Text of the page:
A bank fraud scandal that led to the ousting of the D.C. Council chairman June 6 thrust council member and GW professor to the second-highest position in the District’s government behind alumnus Mayor Vincent Gray.
Ward 3 Democrat Mary Cheh, who joined the GW Law School in 1979, will temporarily chair the D.C. Council until members elect a permanent head to replace Kwame Brown.
Brown pleaded guilty to one count of felony bank fraud at a plea hearing June 8.
Cheh’s appointment will be short-lived, with the D.C. Council set to elect an interim leader June 13. The pick must be an at-large member according to federal law, leaving a handful of council members as contenders for the spot.
A District-wide special election to permanently fill the position will be held Nov. 6.
With two top city officials affiliated with GW, a local politics professor said the University’s influence in city affairs is now under a microscope.
Eve Bratman, assistant professor at American University specializing in the District’s politics, said in an email, “The actions that Mary Cheh and the Mayor take in regard to GW are going to continue to be under scrutiny while they hold office, given their affiliations with the institution.”
The University has teamed up with the city on projects this year including a city-wide sustainability effort and helping shape the city’s economic development strategy.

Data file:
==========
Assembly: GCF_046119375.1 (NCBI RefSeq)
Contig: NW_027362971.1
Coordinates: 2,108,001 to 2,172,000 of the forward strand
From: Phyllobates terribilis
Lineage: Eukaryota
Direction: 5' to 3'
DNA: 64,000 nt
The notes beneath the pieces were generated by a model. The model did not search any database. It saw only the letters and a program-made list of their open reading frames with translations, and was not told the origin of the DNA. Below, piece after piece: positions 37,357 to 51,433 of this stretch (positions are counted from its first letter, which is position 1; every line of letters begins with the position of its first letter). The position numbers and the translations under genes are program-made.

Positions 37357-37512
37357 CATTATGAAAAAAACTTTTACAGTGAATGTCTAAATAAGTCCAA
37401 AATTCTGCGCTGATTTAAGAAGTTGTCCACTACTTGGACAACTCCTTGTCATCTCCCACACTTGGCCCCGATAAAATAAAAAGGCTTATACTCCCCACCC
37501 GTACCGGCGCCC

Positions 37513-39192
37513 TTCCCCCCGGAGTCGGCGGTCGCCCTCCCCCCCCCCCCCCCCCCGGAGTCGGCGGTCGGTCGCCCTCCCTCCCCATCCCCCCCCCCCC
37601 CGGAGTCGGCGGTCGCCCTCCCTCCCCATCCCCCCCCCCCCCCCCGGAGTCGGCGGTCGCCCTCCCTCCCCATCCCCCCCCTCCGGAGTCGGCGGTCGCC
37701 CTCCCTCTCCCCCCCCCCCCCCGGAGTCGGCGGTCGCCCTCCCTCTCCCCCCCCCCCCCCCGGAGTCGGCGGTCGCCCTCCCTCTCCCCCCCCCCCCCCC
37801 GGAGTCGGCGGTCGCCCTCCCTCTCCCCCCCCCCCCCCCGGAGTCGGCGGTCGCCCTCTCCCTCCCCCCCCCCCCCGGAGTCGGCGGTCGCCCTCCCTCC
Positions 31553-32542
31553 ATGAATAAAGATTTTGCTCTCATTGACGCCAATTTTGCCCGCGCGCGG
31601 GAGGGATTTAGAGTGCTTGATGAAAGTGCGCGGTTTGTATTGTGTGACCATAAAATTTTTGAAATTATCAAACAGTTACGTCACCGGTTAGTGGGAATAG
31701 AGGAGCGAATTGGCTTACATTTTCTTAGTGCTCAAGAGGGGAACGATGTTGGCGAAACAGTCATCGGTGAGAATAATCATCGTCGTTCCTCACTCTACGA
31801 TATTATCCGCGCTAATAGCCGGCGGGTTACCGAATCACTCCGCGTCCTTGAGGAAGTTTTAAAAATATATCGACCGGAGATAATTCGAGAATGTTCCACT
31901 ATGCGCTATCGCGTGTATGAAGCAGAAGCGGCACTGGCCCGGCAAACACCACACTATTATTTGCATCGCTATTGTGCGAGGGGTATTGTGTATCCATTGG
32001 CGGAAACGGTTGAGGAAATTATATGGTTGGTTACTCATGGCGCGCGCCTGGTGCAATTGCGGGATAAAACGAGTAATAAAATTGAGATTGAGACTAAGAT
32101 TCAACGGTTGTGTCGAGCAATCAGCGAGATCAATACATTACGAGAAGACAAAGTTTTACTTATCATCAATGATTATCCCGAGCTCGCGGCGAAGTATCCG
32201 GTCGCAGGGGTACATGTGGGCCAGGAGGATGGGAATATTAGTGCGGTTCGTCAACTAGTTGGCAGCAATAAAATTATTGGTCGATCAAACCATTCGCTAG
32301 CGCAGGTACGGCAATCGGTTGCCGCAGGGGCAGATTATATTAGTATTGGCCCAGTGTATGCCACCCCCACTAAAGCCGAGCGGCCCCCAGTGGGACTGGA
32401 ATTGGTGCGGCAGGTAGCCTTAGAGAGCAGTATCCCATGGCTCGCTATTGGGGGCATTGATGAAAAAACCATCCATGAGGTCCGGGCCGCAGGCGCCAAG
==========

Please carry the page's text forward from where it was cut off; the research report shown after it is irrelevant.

She added that Brown’s resignation “will prolong already existing public cynicism over the credibility of D.C.’s elected officials,” staining the legitimacy of the local government.
Cheh said a statement June 6, she will try to restore confidence in a legislative branch battered by investigations and mistrust.
“I want to reassure everyone that the work of the Council will continue uninterrupted. We will move forward focused on the business the people elected us to do,” the second-term council member said in the release.
D.C. officials have long been subjects of scandal. In May, two former campaign aids to Gray pleaded guilty to campaign fraud charges dating back to his 2010 election race. That election is the subject of an ongoing federal probe.
Most recently, Brown resigned after prosecutors charged that he falsified bank documents to get a loan approved. He had faced a barrage of investigations this year into his finances and campaign tactics, and now will likely face about six months in prison after he is sentenced in September.